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No. 1788:
Embedded Reporters

Today, I worry about scientific objectivity. The University of Houston's College of Engineering presents this series about the machines that make our civilization run, and the people whose ingenuity created them.

I write this during the third week of the second Gulf War, and I'm now dizzy from reports by news people "embedded" in the various American military units. Never have we had this much intimacy with any war. Yet I'm not certain whether their presence tells me more or less about what's going on.

A news reporter at my own radio station also teaches radio journalism at a local college. She's as doggedly determined as anyone I've ever met to remain unallied with any viewpoint. Naturally, this embedding of reporters sets off her alarm bells. She tells about one newsman who would not even vote in public elections because to do so would taint his journalistic detachment.

That's a bit of a stretch, but it says much about the discipline of detachment. Reporters embedded among troops who are under constant threat would be less than human if they were not sympathetic. One reporter was seen holding a blood-plasma bag during a battlefield transfusion. Not to've done so would've been barbaric; yet that was not watching and reporting with detached objectivity.

As I watch the reporting of war, I think about every time I've gone into a lab hoping that new data would justify my government funding or become the basis for my grand theory. Scientists live in grave danger of willing the data to say what they hope it might. It takes the saving terror of being wrong to sustain objectivity. Our harshest critics become our best friends.

But you don't have days to think things over in the war zone. During the Pearl Harbor attack, a Navy chaplain was heard saying to the gunners, "Praise the Lord and pass the ammunition." That was soon made into an immensely popular song. It went:

Down went the gunner, a bullet was his fate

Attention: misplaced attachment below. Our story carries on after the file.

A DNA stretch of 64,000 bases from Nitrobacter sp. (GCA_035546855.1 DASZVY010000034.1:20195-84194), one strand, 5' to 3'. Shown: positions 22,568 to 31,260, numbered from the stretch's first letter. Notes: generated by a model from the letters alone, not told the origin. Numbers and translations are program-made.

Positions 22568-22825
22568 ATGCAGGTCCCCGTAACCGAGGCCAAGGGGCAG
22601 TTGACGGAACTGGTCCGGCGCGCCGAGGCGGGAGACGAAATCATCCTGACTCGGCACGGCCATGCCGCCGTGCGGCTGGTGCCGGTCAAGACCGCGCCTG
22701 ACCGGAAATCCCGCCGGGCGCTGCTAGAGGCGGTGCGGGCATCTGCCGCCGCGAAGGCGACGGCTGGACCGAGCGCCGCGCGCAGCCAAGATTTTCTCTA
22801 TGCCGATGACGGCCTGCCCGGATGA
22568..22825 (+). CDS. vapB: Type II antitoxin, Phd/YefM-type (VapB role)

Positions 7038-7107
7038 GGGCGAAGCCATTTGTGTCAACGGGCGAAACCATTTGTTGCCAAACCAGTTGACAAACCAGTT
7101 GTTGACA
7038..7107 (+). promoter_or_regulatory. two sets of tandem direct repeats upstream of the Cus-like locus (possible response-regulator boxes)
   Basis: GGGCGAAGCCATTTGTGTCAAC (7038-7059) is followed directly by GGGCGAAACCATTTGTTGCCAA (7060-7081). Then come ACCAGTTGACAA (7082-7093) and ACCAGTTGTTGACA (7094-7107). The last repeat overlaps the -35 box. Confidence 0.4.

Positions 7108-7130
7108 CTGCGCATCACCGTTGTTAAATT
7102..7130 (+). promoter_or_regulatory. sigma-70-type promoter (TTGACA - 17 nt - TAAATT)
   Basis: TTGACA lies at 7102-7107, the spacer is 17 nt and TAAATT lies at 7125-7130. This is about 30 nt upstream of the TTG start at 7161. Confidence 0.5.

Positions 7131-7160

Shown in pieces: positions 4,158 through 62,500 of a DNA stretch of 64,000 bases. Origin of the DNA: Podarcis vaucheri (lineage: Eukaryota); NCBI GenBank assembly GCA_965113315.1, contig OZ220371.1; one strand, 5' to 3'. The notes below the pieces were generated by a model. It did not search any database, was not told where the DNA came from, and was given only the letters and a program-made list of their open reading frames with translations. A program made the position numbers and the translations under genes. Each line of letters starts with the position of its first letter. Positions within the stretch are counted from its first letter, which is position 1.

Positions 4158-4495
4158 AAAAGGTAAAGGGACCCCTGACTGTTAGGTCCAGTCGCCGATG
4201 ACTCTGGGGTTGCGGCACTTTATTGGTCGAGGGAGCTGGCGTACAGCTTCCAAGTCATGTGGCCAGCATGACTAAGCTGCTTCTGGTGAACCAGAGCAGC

Down went the gunner, then the gunner's mate
Up jumped the sky pilot, gave the boys a look
And manned the gun himself as he laid aside The Book, shouting
Praise the Lord and pass the ammunition!

That wasn't what really happened. But if it were, it would've been the worst possible breach of the rules of war. Chaplains are protected noncombatants because they can be trusted to take no part in combat. Once that trust is violated -- by chaplains, medics, or reporters -- they all become legitimate targets. That chaplain should've kept his mouth shut.

And so it is in science as well. If, in the pursuit of knowledge, we have any stake in the outcome, it is a daunting struggle to leave our wishes outside the door. That's why Creation Science can never be science: Belief precedes the outcome. Science is only science as long as its practitioners keep looking for ways to negate their own conclusions.

Reporting war is like the four reports of a murder in the movie Rashomon. All were in error, because each teller had something to gain. Whether we're researchers or reporters -- chaplains or creationists, our constant task must be nothing less than keeping ourselves from becoming embedded in our own hopes.

I'm John Lienhard, at the University of Houston, where we're interested in the way inventive minds work.

(Theme music)

For the song I mention, see:

Praise the Lord and Pass the Ammunition